Sao Paulo, Brazil, 11 Oct – Trade between Brazil and the other nations of the Community of Portuguese-speaking Countries (CPLP) rose 80.4 percent in the first eight months of the year, according to figures from Brazil’s Foreign Trade Ministry.
Between January and August 2006, Brazilian exports to Angola, Cape Verde, Guinea Bissau, Mozambique, Portugal, Sao Tome and Principe and East Timor and the acquisition of goods from these countries totaled US$2.021 billion, while in the first eight months of 2005 the total was US$1.220 million.
In the last three years Brazil has had a growing trade surplus with the CPLP countries. In the first eight months of 2004 Brazil’s surplus was US$785 million, and rose to US$836 million in the same period of last year.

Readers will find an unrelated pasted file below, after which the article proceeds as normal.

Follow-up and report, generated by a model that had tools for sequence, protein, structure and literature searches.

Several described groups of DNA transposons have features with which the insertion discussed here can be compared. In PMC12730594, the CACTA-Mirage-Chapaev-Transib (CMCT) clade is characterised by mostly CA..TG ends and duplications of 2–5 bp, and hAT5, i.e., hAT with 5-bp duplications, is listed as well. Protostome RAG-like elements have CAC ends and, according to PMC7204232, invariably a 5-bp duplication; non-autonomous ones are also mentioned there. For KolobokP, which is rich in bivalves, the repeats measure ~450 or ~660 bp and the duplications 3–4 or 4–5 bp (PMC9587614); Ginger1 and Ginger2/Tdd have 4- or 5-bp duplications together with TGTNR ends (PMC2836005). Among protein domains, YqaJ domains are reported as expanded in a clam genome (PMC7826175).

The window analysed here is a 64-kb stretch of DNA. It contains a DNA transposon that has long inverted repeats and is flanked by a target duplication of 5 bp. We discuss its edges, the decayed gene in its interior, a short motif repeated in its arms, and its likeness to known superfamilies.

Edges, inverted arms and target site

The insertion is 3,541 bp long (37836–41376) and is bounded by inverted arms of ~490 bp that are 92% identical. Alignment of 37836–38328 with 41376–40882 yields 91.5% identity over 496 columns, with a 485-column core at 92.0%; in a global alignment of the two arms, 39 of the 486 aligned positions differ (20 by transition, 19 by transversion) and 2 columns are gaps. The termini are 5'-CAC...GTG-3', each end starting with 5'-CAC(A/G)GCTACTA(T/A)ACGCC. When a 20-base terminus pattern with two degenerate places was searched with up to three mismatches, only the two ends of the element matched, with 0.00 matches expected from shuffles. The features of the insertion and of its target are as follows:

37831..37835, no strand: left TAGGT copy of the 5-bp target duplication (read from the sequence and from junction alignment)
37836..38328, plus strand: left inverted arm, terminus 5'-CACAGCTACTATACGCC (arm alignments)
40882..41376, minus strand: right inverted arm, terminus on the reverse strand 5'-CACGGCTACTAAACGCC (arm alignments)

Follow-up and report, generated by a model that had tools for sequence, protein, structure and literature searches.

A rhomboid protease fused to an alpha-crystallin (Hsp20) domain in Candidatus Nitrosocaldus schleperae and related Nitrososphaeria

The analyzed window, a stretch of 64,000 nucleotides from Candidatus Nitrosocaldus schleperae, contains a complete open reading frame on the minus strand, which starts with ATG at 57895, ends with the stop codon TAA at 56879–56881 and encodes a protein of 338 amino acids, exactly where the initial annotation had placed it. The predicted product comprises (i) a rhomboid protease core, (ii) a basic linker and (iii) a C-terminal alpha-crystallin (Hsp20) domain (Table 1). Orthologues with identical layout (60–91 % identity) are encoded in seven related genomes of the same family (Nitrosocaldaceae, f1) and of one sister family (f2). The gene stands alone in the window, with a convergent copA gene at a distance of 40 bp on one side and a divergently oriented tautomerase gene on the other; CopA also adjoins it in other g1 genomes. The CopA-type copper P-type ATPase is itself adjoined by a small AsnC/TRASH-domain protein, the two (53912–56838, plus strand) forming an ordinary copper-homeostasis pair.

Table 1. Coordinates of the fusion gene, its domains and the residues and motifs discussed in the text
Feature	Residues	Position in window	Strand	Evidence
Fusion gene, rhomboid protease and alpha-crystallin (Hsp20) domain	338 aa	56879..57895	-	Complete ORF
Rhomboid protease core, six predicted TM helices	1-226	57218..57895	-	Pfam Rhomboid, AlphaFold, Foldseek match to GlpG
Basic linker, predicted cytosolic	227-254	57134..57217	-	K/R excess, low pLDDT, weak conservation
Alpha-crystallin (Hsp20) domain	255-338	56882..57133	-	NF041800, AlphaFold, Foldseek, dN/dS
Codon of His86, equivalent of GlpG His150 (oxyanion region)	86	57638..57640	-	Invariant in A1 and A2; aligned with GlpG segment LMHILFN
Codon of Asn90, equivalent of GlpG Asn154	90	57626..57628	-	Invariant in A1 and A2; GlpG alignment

From January to August of this year, the surplus was US$1.13 billion resulting from exports of US$1.575 billion and imports of US$445 million.
Within the Portuguese-speaking community Brazil’s biggest trade partner is Portugal to which Brazil sold over US$1 billion in 2006 and around US$660 million in the previous two years, in the January to August period.
This year Brazilian imports of Portuguese products totaled US$177 million between January and August, which represents a 25.2 percent rise against the same period of last year.
Angola was the country with the biggest increase in exports to Brazil. Angolan sales to Brazil grew 9,000-fold from US$30,000 (January to August 2005) to US$268 million in the first eight months of this year.
Guinea Bissau saw the greatest increase in Brazilian imports in percentage terms having tripled the US$417,000 in the first eight months of last year, to US$1.4 million in the same period of this year. (macauhub)